Teacher resources and professional development across the curriculum

Teacher professional development and classroom resources across the curriculum

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Engaging With Literature: A Video Library, Grades 3-5
Engaging With Literature

About This Video Library

Lesson Builder

Hints for Site Leaders
Video Titles:

1. Signposts

2. Voices in the Conversation

3. Starting Out

4. Responding
to Literature

5. Sharing the Text

6. Building Community
About This Video Clip »
Featured Texts »
Classroom Snapshot
Classroom Lesson Plan »
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7. Book Buddies

8. Finding
Common Ground

9. Discussion

Site Map

6. Building Community

Classroom Snapshot

School: Indianapolis Public Schools Center for Inquiry
Location: Indianapolis, Indiana
No. of Students in School: 260
Teacher: Latosha Rowley
No. of Years Teaching: 2
Grade: 4th and 5th Grades
Subject: Language Arts
No. of Students in the Classroom: 22

The Center for Inquiry is a magnet option school open to all families in the Indianapolis Public School district. As a result, many of its 260 students come from all areas of Indianapolis and many travel to class on public school buses. There are no entrance criteria or exams; students wishing to attend complete an application, entering CFI if their name is among those chosen by lottery. Siblings on the waiting list are given priority status for admission. The population is ethnically diverse, with 68% of the student body African American and Other (which includes a small percentage of Native American and Hispanic) and 32% Caucasian; 66.4% of the students qualify for free textbooks and free or reduced-price meals.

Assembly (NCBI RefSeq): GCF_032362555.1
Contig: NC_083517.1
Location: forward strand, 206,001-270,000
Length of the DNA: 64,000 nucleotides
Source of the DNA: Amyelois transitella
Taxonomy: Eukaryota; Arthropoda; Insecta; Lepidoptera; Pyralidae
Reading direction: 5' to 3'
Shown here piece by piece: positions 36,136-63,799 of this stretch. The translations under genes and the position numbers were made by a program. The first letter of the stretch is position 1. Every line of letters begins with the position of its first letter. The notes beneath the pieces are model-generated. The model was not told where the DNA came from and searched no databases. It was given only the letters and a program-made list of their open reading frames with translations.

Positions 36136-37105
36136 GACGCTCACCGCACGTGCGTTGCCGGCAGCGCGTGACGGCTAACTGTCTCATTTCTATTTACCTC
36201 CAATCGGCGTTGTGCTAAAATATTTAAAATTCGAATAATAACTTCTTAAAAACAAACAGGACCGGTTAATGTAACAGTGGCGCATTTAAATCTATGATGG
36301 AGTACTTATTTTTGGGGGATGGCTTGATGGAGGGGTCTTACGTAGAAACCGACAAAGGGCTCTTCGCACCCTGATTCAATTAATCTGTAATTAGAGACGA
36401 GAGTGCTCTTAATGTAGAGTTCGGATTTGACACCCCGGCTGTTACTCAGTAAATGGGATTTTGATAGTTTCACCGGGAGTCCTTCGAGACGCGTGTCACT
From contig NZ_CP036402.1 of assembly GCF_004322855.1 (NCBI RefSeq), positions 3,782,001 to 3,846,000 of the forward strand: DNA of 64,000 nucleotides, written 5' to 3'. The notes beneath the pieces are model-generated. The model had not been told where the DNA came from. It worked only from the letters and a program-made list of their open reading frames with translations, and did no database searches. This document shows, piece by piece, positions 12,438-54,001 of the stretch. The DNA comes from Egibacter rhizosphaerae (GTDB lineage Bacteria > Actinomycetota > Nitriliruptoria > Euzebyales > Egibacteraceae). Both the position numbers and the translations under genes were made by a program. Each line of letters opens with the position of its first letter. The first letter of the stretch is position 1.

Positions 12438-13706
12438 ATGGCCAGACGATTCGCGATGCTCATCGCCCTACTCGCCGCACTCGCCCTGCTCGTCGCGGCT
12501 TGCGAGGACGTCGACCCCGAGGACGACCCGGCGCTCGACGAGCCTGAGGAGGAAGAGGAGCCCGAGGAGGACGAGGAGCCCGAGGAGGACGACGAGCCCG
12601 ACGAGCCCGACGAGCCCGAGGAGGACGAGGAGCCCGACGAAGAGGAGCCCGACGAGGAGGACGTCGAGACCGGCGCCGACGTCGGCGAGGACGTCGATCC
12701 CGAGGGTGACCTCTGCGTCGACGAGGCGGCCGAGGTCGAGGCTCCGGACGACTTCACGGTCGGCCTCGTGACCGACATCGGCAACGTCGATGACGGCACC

The Center for Inquiry is a K-8 multiage school with a literature-based curriculum. The class configuration is K-1, 2-3, 4-5, and 6-8. (Kindergarten is full-day to accommodate this grouping.) The small setting CFI offers is beneficial to students with special learning needs, and the CFI classrooms are full inclusion, housing students from all educational backgrounds, including Gifted and Talented as well as students who were in separate special education classrooms in other schools. Ten percent of the student body has Individual Educational Plans and are serviced by Special Education Resource teachers.

Teacher collaboration is central to the success of CFI. In order to better serve their students, teachers are provided with time and funding to write integrative, literature-based curricular units. The strong focus on reading and expressive writing helps students develop questioning techniques and find ways to pursue personal interests in a particular framework.

To read more about the decisions that Ms. Rowley and her peers make in fostering the spirit of the school, read an article she co-wrote with her fellow teachers. The article is reprinted here courtesy of the National Council of Teachers of English.


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